There are still several shoes that could drop before an impeachment trial, if the current impasse continues. The federal courts are still resolving efforts to enforce subpoenas in the House investigations into Trump. Even if McConnell agrees to call witnesses, they might not even appear without some sign from the courts that they have to. The U.S. Circuit Court for the District of Columbia heard two of these cases on Friday. One case revolved around an effort to enforce a lower court ruling ordering the production of grand jury materials from the Mueller investigation to the House Judiciary Committee. The other case revolved around an effort to enforce a lower court ruling demanding that former White House Counsel Don McGahn come before Congress to testify about the potential obstruction of justice that was documented in the Mueller report. If McGahn was forced to testify, it could give House investigators the ammunition they need to compel testimony from the key figures in the Ukraine matter or pressure the Senate to do so itself.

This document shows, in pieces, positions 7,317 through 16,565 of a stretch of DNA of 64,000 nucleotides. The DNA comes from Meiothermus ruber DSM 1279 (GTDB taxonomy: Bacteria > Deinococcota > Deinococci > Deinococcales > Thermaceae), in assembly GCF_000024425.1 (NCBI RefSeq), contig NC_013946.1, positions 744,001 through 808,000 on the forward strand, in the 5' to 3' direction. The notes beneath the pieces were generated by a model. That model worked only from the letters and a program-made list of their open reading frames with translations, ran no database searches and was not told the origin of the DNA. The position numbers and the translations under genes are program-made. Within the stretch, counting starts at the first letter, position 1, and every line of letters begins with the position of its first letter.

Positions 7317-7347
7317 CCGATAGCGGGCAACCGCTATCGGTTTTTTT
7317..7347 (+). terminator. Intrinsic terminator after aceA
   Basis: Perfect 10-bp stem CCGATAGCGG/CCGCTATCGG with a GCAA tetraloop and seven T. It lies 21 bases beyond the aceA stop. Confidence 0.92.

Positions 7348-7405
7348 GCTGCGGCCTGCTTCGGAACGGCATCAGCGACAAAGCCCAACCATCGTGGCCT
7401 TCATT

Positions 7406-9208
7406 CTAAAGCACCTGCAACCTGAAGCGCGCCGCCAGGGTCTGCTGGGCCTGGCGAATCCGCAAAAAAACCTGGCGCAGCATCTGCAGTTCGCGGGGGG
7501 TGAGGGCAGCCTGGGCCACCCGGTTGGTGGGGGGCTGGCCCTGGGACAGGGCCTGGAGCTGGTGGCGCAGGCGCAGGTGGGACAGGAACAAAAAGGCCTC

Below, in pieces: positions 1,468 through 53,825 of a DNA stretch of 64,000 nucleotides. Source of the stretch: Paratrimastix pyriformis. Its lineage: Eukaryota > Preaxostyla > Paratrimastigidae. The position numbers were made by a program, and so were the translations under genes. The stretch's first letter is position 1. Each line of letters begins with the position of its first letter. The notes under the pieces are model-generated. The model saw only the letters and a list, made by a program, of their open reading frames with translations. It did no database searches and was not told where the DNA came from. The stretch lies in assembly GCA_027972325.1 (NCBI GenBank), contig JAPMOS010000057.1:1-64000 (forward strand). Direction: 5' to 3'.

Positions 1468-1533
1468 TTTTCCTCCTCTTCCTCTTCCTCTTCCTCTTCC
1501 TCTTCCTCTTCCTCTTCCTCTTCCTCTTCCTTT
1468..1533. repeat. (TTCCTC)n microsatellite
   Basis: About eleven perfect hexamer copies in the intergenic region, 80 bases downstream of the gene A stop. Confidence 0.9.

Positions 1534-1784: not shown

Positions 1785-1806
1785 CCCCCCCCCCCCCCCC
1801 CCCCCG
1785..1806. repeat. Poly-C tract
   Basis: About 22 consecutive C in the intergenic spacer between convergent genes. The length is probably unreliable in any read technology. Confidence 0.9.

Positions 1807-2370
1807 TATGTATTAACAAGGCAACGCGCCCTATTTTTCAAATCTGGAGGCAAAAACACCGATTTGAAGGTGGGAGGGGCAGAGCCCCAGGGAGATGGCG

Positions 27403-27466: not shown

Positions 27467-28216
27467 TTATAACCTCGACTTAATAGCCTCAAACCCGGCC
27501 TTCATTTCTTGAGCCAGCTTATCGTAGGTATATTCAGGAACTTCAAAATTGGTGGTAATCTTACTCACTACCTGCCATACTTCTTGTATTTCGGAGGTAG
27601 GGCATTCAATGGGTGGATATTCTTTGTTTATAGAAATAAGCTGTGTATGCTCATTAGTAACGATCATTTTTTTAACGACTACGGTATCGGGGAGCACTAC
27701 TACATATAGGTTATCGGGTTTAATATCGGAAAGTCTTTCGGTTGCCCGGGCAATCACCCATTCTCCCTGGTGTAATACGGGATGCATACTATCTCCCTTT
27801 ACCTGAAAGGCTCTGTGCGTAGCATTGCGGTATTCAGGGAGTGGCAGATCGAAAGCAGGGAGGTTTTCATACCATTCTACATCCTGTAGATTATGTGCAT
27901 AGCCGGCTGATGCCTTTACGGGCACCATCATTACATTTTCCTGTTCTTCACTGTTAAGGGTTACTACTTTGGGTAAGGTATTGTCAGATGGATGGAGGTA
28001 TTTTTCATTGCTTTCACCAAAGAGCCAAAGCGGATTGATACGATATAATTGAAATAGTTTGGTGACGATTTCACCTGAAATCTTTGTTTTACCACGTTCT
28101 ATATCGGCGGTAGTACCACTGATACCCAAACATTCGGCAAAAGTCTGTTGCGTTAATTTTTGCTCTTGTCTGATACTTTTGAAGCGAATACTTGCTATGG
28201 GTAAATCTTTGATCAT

But after Friday’s oral arguments, it seems like Pelosi shouldn’t bank on that outcome. While the panel hearing the case—which includes two Republican-appointed judges and one Democratic appointee—seemed skeptical of the Department of Justice’s position that top aides to the president were absolutely immune from testimony, it also seemed uncomfortable weighing into a political debate between two separate branches of government.